Phronesis 51 (4):330 - 361 (2006)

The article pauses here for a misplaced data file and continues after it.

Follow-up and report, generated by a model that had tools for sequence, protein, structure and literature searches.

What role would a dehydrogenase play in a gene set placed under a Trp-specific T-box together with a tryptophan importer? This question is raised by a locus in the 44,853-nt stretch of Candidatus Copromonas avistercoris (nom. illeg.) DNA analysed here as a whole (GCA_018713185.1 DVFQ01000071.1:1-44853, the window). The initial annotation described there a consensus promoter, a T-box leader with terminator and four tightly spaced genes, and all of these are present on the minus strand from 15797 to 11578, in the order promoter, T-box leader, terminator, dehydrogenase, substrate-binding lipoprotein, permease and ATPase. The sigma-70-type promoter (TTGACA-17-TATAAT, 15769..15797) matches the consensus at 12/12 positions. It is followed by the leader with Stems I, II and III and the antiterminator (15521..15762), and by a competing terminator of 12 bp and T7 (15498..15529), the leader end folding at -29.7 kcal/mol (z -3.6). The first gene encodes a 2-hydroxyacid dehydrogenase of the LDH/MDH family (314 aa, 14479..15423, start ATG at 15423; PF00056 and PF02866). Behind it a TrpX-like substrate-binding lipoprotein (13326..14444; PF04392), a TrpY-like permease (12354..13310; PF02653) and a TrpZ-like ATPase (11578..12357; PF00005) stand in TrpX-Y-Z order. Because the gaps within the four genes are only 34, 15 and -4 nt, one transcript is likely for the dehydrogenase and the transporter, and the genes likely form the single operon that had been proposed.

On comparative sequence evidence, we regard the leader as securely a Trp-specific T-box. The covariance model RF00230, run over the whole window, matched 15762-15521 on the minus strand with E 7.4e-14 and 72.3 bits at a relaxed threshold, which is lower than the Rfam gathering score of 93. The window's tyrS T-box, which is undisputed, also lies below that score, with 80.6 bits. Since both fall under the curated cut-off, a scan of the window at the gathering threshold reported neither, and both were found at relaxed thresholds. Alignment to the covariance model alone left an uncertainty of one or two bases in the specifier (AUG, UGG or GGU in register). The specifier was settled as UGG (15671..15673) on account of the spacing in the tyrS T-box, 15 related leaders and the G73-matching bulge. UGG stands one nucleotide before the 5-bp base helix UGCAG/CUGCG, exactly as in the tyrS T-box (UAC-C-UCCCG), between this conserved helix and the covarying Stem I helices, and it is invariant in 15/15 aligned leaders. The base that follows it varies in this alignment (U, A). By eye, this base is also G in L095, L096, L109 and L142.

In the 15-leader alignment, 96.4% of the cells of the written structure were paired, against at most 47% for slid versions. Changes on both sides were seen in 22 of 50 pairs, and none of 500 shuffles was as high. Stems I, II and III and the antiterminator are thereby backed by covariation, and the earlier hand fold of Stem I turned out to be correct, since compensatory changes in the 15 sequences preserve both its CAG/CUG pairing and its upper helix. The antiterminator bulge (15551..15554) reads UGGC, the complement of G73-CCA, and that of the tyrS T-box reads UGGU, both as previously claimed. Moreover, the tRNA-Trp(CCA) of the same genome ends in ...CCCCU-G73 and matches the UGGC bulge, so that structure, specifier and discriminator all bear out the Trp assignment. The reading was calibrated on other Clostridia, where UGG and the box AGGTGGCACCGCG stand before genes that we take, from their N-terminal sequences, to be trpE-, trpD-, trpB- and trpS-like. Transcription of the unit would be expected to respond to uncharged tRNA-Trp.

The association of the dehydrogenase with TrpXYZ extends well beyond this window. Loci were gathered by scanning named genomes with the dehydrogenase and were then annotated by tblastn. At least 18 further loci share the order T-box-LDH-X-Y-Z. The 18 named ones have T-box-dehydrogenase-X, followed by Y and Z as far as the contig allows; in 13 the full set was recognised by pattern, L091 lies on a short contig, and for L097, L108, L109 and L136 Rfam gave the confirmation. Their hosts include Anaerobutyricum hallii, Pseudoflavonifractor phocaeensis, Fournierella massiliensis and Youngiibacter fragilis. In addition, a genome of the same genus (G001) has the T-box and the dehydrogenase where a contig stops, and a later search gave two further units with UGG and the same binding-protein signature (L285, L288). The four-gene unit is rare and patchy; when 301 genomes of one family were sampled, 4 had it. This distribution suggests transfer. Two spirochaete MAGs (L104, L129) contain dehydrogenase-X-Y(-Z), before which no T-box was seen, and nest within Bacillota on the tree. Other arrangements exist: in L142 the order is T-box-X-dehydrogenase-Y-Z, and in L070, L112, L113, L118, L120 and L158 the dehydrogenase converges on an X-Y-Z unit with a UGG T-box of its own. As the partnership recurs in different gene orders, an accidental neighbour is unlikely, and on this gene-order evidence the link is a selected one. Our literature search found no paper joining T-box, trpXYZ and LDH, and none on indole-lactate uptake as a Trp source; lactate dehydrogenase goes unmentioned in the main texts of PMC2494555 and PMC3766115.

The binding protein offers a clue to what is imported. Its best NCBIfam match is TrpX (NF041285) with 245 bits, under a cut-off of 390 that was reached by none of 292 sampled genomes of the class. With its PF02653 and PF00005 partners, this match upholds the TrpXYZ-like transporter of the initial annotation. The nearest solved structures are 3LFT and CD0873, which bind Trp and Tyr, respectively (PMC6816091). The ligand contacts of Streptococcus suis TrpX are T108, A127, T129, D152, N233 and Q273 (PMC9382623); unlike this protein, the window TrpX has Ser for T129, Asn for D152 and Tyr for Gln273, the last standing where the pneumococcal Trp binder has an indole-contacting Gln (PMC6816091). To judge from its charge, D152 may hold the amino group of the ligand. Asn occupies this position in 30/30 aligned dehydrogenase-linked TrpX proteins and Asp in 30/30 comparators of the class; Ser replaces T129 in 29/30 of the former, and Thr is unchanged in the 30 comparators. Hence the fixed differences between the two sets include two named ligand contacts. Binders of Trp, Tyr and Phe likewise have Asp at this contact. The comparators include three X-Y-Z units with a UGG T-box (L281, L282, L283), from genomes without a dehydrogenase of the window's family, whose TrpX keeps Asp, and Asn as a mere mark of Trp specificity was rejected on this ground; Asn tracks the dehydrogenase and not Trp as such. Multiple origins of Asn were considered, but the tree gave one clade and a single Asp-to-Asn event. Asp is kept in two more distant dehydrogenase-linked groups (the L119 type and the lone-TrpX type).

Aristotle's thesis in "Physics" I 8 is that a certain old and familiar problem about coming to be can only be solved with the help of the new account of the "principles" he has developed in "Physics" I 7. This is a strong thesis and the literature on the chapter does not quite do it justice; specifically, as things now stand we are left wondering why Aristotle should have found this problem so compelling in the first place. In this paper I develop an interpretation which (I hope) will help to remedy this. I believe that Aristotle's problem about coming to be depends on a certain principle to the effect that "nothing can become what it already is" (it is this that is supposed to explain why τὸ ὄν cannot come to be ἐξ ὄντος -- cf. 191a30). The main innovation of the interpretation developed here is its suggestion that we understand this principle as a principle about kinds. So understood, the principle does not make the comparatively trivial point that nothing can become any individual it already is, but rather the more powerful and substantive point that nothing can become any kind of thing it already is. I argue that this is a point which Aristotle himself accepts and that this is why the problem about coming to be raises serious difficulties for him. I also discuss Aristotle's proposed solutions to this problem, explaining how each draws on his new account of the principles and why each is required for any full resolution of the difficulties the problem raises. In this way I hope to show how the interpretation developed here does justice to the very strong thesis with which Aristotle begins "Physics" I 8. I conclude briefly and somewhat speculatively with a suggestion as to why Aristotle might accept the principle on which I have suggested the problem turns
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